Millions of us have been working five days a week for our entire careers, clocking in on a sleepy Monday and jetting out of the office at 4:55 pm on Friday. What if that all changed? What if… there was no Friday at all?

Many salaried workers, especially those from the millennial and Gen Z generations, have been rallying for the introduction of a four-day, 10 hr/day workweek since they entered the workforce. It’s long been dismissed as impractical and pointless, on the basis that four longer days take the same amount of energy as five shorter days. 

However, the pandemic showed that corporations are more flexible than we expected through the shift to remote work, and such a “revolution” can take place in as little as a month. So, some folks in the United Kingdom decided to put the four-day workweek to the test.

About 3,000 employees from 61 companies took part in a pilot test study that shifted a standard 5-day 8-hour week to a 4-day 10-hour week. While the hours are the exact same, the idea is the three consecutive days employees will have off will ultimately benefit their mental health, heal burnout, and improve work/life balance.

Cynics have long argued that 10 hour workdays will result in more burnout, and the removal of the fifth day could lead to tight deadline crunches. So, what did the study say?

The Results

This study was shockingly conclusive. Out of the 61 companies that participated in the trial, only three stuck to the five day workweek afterwards. 40 moved forward with some sort of integration of a four-day week, and 18 immediately committed to the new schedule. So, why did almost every organization feel confident about its practicality?

The answer doesn’t lie within the organization’s success as much as the people’s success. While company revenue was essentially the same over the period, employees reported higher levels of happiness & satisfaction with their jobs, along with lower levels of burnout. This derives from extra sleep, lower stress, and more time on the three-day weekend to pursue hobbies and “do what you want”. That’s something anyone can relate to.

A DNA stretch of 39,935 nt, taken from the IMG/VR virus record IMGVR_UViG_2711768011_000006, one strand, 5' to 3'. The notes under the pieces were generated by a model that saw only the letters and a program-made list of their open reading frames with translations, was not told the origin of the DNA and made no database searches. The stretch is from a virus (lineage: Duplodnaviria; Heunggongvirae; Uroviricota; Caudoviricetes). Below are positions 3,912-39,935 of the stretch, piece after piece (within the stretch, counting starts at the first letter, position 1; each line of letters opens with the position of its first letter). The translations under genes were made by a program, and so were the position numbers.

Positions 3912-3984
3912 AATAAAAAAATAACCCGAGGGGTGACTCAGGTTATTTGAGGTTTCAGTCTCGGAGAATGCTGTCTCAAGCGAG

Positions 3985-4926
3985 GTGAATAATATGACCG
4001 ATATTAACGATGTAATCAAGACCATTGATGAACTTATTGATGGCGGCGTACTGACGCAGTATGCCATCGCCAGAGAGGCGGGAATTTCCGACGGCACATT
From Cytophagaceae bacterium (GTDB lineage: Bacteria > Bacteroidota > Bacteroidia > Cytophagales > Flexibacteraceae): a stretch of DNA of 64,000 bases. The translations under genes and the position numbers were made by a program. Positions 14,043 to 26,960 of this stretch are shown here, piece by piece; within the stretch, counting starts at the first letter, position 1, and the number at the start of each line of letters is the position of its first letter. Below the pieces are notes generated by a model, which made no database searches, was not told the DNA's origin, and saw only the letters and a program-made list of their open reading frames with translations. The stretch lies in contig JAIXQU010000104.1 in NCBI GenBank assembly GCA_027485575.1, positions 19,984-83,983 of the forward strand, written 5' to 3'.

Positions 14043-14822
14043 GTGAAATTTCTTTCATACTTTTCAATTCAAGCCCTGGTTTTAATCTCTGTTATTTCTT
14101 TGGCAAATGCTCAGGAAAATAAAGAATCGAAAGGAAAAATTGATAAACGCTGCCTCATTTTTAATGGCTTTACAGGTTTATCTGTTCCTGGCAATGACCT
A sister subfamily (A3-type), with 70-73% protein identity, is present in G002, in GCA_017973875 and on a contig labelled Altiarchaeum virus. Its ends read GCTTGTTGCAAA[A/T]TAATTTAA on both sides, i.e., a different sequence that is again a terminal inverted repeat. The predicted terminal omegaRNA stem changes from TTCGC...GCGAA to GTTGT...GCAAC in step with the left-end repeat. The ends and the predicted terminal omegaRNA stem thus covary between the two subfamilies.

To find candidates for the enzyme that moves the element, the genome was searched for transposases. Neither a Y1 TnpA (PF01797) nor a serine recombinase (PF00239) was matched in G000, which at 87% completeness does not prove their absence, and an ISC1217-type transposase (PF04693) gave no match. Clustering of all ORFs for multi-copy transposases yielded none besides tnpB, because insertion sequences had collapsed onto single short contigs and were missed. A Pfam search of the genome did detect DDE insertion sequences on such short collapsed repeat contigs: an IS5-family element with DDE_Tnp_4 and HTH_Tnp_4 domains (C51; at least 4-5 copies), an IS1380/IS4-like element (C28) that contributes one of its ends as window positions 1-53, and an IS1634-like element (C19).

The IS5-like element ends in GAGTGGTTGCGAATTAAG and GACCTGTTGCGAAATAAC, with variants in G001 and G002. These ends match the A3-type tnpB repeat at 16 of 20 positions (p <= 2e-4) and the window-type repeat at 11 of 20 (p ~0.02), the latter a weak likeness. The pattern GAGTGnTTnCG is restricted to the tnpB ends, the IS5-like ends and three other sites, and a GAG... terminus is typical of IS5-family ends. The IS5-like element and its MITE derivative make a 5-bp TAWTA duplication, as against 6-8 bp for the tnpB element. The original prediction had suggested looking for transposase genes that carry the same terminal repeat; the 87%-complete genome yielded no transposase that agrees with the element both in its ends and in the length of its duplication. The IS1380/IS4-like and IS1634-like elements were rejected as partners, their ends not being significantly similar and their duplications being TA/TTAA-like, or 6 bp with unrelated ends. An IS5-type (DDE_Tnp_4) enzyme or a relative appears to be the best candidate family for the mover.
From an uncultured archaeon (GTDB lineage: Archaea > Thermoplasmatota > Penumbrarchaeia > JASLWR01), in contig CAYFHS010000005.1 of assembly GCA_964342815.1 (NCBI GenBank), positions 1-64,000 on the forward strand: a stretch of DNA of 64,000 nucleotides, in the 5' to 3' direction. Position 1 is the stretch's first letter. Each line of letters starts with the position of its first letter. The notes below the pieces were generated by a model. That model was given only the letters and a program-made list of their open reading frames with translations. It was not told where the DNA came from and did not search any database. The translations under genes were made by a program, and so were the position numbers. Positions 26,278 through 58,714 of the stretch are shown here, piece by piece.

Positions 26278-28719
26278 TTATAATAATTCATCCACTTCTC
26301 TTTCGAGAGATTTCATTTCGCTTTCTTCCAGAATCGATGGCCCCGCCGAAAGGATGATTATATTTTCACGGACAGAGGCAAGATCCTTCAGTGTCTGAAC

Along with the doing-what-you-want, there’s also the doing-what-you-need – anecdotes have cropped up of fathers getting more time to care for their children and weeks of heavy errands becoming less stressful. After all, everyone gets an extra day to make it to the bank before it closes at the late hour of 2 PM!

The employees who were helped out by the four-day week were even more eager to implement it than their companies – almost half of workers who’d settled in to a four-day week said they’d need at least a 25% raise to move to a job that still had a five-day week. That’s a huge number.

As successful as this study was, it could have shown even better results if it were held over a longer period; turnover would have certainly gone down at most of these companies, especially given the number of employees that would require a raise to give their new lifestyle up.

Additionally, we can assume that absenteeism would likely decrease, since burnout would fall and everyone would have more time to do things on their three days off. Managers will have a more consistent roster on their four days, which could result in more productivity than the patchwork group they’d have come in on some of their former five days. Not to mention – happier employees produce better work!

So, should you implement a four-day work week? Probably – but it depends on your customers.

Certain industries don’t have the room to experiment with a different work week due to the people they serve. Healthcare can’t afford much time off with patients filing into hospitals at any minute of every day, so they by-and-large operate by their own rules. Teachers would probably welcome a four-day week, but getting the world’s children on a four-day, ten hour week might require an even bigger revolution.

If you’re a manager, ask yourself whether your clientele would be inconvenienced by a Friday or Monday off. The vast majority of 9-5 occupations, quite frankly, wouldn’t cause a big ripple if they shifted to a four-day week. No small business will shake their fist at the sky because they’re not receiving marketing emails on Fridays anymore.

The fact of the matter is, your employees will probably love a four-day workweek. As long as your customers wouldn’t hate it, consider giving it a go!

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